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Desenvolvimento Regional

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English
Did Lula and Dilma only favor  investments in the Northeast?
No, the country whole grew, but the North, Northeast and Midwest grew more rapidly and intensly. Investments in industry, such as refineries in the Northeast, and in infrastructure (railroads and highways in the Center West and Northeast, for example) were allocated to the states most in need.
 
English

The concentration of wealth, industries and investments in the Southeast for decades led to internal migration, which emptied lands in the Northeast and overcrowded outlying areas in the Rio-São Paulo metropolitan areas. Because of Lula’s and Dilma’s growth policies, now even in a time of drought Northeasterners no longer need to seek a better way of life away from home.

English

High interest rates, red tape and a high level of demand hindered both access to credit, where money was only available to those who already had money — that is, not to those that needed it. In the Lula and Dilma governments, it became easier for small consumers, micro- and small entrepreneurs to obtain loans from public banks, which also helped change lives both inside and on the outskirts of major cities in the Amazon and in Northeast regions.

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Raise and ensure real increases of the minimum wage directly benefited the North and Northeast regions of the country, precisely those with the highest percentage of workers whose income is at that level. In the Northeast, for example, where almost half of Brazilian workers and retirees who receive a minimum wage live, according to PNAD 2012, the increase in average income of the population was 5.4%, well over the national average, attracting new private investment and giving the regional economy new impetus.

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When he ran in the 2002election, Lula said Brazil needed to create 10 million jobs. The phrase was twisted and became a laughingstock among political opponents, who considered creating so many jobs to be impossible or absurd.

English

"With these resources [R$ 7 billion in the Semi-arid Harvest Plan], we will help the farmers of the semiarid regions resume production, restore herds and, what is very important, create water and food reserves for the dry months. We cannot accept that our farmers do not have water on their properties or food for their herds during the drought... We also want to recover and strengthen the production and consumption of regional foods such as, for example, cassava, and the raising of sheep and goats, because they are already adapted to the Semi-arid conditions."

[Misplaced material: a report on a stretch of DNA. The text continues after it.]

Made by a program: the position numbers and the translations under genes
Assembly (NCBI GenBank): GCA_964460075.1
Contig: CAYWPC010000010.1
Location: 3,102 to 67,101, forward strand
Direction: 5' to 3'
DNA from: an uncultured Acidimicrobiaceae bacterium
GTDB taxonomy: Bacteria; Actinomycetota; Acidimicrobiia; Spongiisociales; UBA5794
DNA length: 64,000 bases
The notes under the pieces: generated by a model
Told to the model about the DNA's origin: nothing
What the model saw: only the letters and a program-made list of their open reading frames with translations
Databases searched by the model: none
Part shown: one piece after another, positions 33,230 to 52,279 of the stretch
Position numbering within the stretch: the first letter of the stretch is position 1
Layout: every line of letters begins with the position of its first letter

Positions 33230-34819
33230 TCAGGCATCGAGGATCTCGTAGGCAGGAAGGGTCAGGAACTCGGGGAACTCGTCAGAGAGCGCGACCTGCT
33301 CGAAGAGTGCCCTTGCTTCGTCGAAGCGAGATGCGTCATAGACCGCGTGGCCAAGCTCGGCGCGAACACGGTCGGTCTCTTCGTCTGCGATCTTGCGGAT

English

"With these resources [R$ 7 billion in the Semi-arid Harvest Plan], we will help the farmers of the semiarid regions resume production, restore herds and, what is very important, create water and food reserves for the dry months. We cannot accept that our farmers do not have water on their properties or food for their herds during the drought... We also want to recover and strengthen the production and consumption of regional foods such as, for example, cassava, and the raising of sheep and goats, because they are already adapted to the Semi-arid conditions."

English

More income and more formal jobs led to higher growth in consumption in the North and Northeast: another almost immediate consequence was better quality of life prospects and a desire for a better future for the next generations. Between 2001 and 2012, enrollment in higher education has almost doubled in Brazil. In the North and Northeast, growth was even higher: 285.15% and 211.70%, respectively, considering census variations, including enrollment in public and private schools.

English

The funds to support agriculture and livestock raising added to the income transfer capacity of Bolsa Família (51.1% of the 50 million beneficiaries of the program are in the Northeast) explain a historical change at a time when the region is experiencing its worst drought in decades (compared to the worst periods in the 1950s and 1970s).  For the first time, we are not witnessing mass migration to the Southeast, or the looting of grocery stores and street markets and invasions of cities, so common in the past.

English